Jonathan Smith filmed, edited, and directed the film They Go to Die. He is a graduate student at Yale University where he studies epidemiology of TB and HIV in the context of migrant populations, specifically South African gold miners. For his extensive work as an ethnographic researcher and for creativity in the field of global health, he was awarded the Yale University Global Health Leadership Institute Field Experience Award in 2010 and the distinguished Lowell S. Levin Award for Excellence in Global Health from Yale University in 2011. Since he began researching the issue, he has been invited to speak on the intersection of TB, HIV, and human rights at universities both domestically and internationally.
Before his research on this topic, he graduated with a Bachelors of Science in Biology and Chemistry from the University of Georgia. Soon after graduation, he began his global health work in South America, where he developed hepatitis B vaccination strategies for rural communities. It was this experience that brought him to the realization that many public health matters cannot simply be captured by traditional methods such as surveys and interviews, and created in him an appreciation for the concept of immersion into the very community at risk for disease.
In regards to his ethnographic research, Smith writes, “A narrow focus on a typically broad public health matter affords us the extremely important opportunity to add nuance as well as levels of depth and complexity to our understanding of broader health patterns and vulnerabilities. You must not undermine the richness of depth and explanatory detail that such microanalysis can afford to an understanding of the contextual dynamics and contradictions that influence health behavior.”
Jonathan can be reached by email at: email@example.com
By Jonathan Smith
Numbers form the foundation of public health. But in a sense, public health is overrun by the very numbers that strengthen the field. We take individuals and we group them, we stratify them, divide them, compare them. But we never identify them. There are actually stringent rules in place to ensure that the identities of our research subjects are completely erased: we reduce them to a number.
This can be appropriate in some contexts, and the importance of numbers in public health cannot be overstated. Numbers possess the power to create policy and shape rhetoric, all of which are activities that are hopeful attempts to create change for the better. What happens, though, when this political rhetoric falls on deaf ears? What happens when the numbers that we so adamantly defend in public health fall short in producing any true value to the people who are affected by the diseases that we study?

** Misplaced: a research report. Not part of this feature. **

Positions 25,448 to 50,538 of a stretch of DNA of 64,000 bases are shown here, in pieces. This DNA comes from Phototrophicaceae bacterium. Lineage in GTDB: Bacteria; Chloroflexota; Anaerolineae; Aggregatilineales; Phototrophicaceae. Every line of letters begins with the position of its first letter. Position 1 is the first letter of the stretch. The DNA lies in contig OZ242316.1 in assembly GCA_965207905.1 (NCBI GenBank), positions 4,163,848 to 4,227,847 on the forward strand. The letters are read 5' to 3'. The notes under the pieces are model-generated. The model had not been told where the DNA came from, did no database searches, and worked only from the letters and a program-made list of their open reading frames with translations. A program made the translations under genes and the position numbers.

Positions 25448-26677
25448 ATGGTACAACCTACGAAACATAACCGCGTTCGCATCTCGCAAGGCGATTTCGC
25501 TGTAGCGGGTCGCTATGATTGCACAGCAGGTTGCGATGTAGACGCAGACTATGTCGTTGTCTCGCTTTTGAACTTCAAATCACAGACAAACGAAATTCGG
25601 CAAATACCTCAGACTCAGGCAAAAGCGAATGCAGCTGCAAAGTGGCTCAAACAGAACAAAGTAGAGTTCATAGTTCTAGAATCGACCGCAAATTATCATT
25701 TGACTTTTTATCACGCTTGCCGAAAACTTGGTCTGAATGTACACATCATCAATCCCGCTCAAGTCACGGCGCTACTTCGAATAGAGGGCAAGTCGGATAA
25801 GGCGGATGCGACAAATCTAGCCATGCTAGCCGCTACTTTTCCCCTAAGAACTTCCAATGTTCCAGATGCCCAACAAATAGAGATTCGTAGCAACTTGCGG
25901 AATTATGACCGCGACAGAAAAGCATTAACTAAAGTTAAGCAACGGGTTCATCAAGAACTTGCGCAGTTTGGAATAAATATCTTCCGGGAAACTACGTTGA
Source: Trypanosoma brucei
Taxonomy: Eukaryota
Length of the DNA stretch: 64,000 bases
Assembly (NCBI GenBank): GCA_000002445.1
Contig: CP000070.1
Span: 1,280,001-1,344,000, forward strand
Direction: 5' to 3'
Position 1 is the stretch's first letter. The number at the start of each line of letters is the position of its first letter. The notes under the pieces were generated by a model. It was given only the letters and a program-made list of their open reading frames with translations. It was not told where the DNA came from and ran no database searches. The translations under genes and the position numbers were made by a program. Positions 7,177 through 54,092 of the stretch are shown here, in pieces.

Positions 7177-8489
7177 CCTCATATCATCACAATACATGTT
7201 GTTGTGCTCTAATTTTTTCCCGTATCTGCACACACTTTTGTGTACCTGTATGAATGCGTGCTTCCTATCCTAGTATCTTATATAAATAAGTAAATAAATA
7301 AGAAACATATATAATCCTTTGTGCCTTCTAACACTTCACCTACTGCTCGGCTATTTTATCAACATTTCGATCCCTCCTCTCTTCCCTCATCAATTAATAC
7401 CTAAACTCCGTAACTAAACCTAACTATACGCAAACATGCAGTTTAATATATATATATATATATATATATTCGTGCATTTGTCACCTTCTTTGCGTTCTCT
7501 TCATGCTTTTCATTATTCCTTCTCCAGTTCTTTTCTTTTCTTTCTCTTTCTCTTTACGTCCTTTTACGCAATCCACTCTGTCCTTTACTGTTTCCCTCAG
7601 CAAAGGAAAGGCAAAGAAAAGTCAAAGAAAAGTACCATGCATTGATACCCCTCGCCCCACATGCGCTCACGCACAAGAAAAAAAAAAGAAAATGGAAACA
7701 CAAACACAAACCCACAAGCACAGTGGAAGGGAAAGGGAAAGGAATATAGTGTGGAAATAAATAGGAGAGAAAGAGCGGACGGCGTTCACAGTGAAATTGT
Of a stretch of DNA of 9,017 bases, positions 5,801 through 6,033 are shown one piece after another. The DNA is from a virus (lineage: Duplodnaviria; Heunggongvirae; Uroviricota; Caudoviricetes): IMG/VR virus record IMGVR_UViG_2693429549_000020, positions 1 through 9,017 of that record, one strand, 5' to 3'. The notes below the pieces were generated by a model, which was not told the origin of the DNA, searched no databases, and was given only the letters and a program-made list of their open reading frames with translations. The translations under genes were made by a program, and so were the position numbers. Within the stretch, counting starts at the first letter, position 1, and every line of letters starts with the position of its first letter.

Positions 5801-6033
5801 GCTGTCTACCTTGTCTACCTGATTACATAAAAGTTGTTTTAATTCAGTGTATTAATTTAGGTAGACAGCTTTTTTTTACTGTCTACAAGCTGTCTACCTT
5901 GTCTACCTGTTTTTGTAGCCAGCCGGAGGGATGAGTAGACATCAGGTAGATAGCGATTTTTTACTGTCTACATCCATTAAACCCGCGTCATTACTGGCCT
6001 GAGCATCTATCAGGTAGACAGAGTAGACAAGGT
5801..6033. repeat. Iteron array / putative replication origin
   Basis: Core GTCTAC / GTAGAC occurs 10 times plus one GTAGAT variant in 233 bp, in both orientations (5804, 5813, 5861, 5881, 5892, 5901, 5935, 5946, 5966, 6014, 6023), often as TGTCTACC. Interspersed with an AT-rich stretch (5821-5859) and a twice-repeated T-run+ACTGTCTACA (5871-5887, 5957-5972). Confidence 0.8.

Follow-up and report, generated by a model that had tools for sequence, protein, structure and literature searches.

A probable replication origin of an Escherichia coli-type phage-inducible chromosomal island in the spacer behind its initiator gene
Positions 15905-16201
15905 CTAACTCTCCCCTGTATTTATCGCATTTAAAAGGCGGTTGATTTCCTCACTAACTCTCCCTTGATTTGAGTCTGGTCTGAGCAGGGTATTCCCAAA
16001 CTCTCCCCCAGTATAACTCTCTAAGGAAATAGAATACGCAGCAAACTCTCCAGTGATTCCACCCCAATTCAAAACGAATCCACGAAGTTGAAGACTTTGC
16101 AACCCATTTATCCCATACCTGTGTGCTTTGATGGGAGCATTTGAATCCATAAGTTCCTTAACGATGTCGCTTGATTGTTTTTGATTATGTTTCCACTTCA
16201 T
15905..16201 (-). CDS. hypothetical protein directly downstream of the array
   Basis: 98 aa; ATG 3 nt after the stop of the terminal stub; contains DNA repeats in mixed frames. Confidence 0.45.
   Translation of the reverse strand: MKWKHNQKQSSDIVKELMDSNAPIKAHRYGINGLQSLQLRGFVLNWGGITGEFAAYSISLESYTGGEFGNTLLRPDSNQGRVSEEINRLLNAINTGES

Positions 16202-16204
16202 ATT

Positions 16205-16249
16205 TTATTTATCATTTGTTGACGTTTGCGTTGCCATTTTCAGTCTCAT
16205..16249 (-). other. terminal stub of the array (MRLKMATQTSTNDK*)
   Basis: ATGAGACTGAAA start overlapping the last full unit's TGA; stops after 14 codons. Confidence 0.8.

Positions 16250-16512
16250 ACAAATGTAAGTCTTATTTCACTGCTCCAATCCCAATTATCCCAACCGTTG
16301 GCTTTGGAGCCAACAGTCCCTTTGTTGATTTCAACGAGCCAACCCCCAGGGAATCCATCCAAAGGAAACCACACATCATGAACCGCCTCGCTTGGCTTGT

I came to realize the limitations of traditional research when I received an email from the National Union of Mineworkers in regards to a research proposal: “I should also caution you that there has been an outcry about never ending researches that are done within the mining sector and the people end up feeling like guinea pigs of some sort without seeing or benefiting from the outcomes thereof.” What is the point of research if there is no real benefit? For well over a century, gold miners have been sent home with diseases and left to die. That is the bottom line. Today, little has changed except the rhetoric and numbers that highlight the situation. I became acutely aware that the end result of any research conducted on this issue is that miners continue to die.
Does an individual’s story have a role in public health? In almost all cases, the public health community says no. Maybe because storytelling is very political, it all depends on who is telling it and how it is told; how the author wants to convey his point. If I told you the story of Godzilla backwards, it would be about a moonwalking dinosaur that rebuilds Japan. So in this sense, storytelling has failed to catch on in academic discourse. Does that mean it fails to have academic rigor? Of course not. It is simply discarded as such because numbers are much more comfortable. In the context of gold mining in South Africa, the same story of TB in the mining industry has been heard for over a century. In this case, numbers have failed us; there is no comfort. They get us no where. In turn, stories are all that remain.
People, in fact, are not numbers. They are, as I last checked, people. They have human characteristics. Living with the families of miners in South Africa, I learned that poor, black, former gold mine workers are no different from anyone else. But all too often, we look upon them as “them,” as in “Not Us” or “Other.” This is done for reasons I cannot yet understand. They have lives. They have senses of humor. They have arguments with their sons about playing music too loud. They have wives who they love, and who they fib to about liking their cooking. To the rest of the world these men disappear, but to their family and community these men are ever present. Unfortunately, as the numbers on this subject all too eagerly tell us, the end result is always death. A pointless, needless death; TB is curable and easily preventable. HIV is preventable and treatable. The solution to damming this river of disease that flows back into these men’s homelands as a result of this situation is not rocket science: treat the patient with TB until he is cured.
I hope They Go to Die provides a unique and never-before-seen perspective on this issue from the view of the person most affected by it, the person at the center of it: the former miner. By examining this issue from this perspective, I hope my film offers an in-depth, unbiased understanding of the complex legal, health, and human rights questions surrounding this preventable tragedy.